I have found the Kiwi Orchid Bark extraordinarily hard and very dry – quite chunky too. It is apparently taken off 25 year old trees so has had good time to thicken and develop properly at a relatively slower growing rate in the cooler New Zealand climate. It is slightly water resistant due to the natural resins in the bark from the pinus radiata trees – it is natural. Orchids grow on natural bark on trees in the wild – it is not treated, composted or ‘naturally aged’ in any way on the trees of course. That is how they grow in the wild and we all try to replicate the natural conditions to grow our orchids do we not? I decided to use my old method and soak the bark for 5-7 days in water, dolomite and blood and bone. This takes the waxy/resinous surface off the bark quite quickly instead of having to wait for the little microbes to get to work and do it for you. Also the blood and bone appears to compensate for any possible nitrogen draw down that may occur with fresh mix. I have always used blood and bone with most new plantings anyway and also use it quite regularly on speciosums in particular, but other orchids as well, when I have the time. The exterior of the bark nugget holds water far longer with this treatment. A friend of mine is using dolomite, lime and Aquasol to good effect for the same result. I prefer not to use Aquasol as it is quite high in nitrogen and encourages sappy growth and not flowers. If I was to use anything chemical for my process it would be Nitrosol. The other thing I found is that Kiwi Orchid Bark does not release a lot of tannins when soaked this way although I have seen scientific reports that claim tannin does not affect orchids anyway in mix.

Many customers do not even soak the bark at all and just use it straight out of the bag – I do not have time to water often enough to keep the orchids going until the microbes get to work and take the waxy finish off the bark and so lightly treat the bark with my soaking method.

I have also been fortunate enough to find some really good hardwood charcoal from Renewable Carbon Resources Australia from Charleville in Queensland. Really hard, well graded and top quality.

I have had some plants in my new mix of Kiwi Orchid Bark, Chillagoe perlite and RCRA charcoal for over 12 months now – Phrags growing standing in water with added dolomite, lime, Basecote slow release feriliser and blood and bone dressing – took one out recently and the bark that is permanently in water is as hard as the day it went in. I repot my Paphs and Phrags every 12-15 months anyway as they love new mix and roots grow like you would not believe.

I have been growing a variety of natives, Paph and Cattleya seedlings – all the same varieties as bought from nurseries – in my new mix, the same mix using Orchiata bark for one lot and the SA bark for another lot. There have been at least 10 plants of each mericlone/seedling in each mix – a fairly extensive trial as you can see. All receive the same watering and fertilising regime. I can say with great conviction that I will continue using Kiwi Orchid Bark exclusively as the root and plant growth I have seen are much better than in any of the other products in the trial – end of line! That is my experience from a 12 month trial of my own. After 12 months I am also finding some pH changes starting to take place with both of the composted/’naturally aged’ products but not with the Kiwi Orchid Bark. This experiment has been conducted in my growing conditions, just about everyone has different growing conditions and may have a different experience.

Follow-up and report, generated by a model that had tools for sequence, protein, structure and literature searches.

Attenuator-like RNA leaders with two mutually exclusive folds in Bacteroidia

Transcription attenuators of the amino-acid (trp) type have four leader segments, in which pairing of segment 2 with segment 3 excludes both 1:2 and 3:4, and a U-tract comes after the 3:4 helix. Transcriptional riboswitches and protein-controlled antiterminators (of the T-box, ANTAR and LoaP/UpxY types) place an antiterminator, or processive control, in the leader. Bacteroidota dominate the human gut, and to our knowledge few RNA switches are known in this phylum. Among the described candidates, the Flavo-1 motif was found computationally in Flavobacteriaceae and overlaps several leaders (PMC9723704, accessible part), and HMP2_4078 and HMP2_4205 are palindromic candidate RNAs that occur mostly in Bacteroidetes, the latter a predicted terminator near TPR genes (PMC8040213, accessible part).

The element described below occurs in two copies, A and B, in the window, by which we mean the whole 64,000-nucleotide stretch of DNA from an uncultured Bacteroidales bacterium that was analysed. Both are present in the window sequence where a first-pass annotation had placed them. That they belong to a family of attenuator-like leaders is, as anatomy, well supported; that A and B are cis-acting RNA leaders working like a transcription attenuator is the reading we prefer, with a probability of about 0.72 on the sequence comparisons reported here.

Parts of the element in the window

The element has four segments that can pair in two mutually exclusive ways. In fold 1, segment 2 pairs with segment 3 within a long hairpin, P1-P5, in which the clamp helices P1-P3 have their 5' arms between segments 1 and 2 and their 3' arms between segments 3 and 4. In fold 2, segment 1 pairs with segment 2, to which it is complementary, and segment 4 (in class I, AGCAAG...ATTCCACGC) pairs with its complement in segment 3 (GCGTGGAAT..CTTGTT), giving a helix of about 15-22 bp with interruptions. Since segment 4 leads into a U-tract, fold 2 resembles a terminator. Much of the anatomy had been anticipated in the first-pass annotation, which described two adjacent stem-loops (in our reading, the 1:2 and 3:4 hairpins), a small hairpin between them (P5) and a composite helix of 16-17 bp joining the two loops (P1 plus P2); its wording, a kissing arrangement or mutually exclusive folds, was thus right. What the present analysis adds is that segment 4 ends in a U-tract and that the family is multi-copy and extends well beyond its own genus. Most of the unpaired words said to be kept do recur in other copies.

I often wonder why people bother about trying to get bark wet all the way through. The roots stick to the outside of the bark and do not care what is inside the nugget. The really hard bark centre lasts longer and does not break down or have PH problems in the same way composted and ‘naturally aged’ products do – way more important for longevity of the mix in my view. Wet through and the bark breaks down much faster I would think?

I do not have time to water all that regularly and I am finding that every 2-3 days in summer is fine with the lightly treated Kiwi Orchid Bark. What I am finding is that when the mix dries out a bit on top the roots go straight down into the mix looking for water – that is a very satisfactory result. Even Laelia anceps roots are going straight down into the mix and not into the air and out of the pot – I have never seen that before with any other growing media that I have ever used. Most pleased. Laelia anceps hates anything that stays moist/wet – coco husk, perlite and peat, composted bark and sphagnum moss most of all from my observations. I have tried all those mixes and they do not suit how I grow my orchids. They do suit others of course.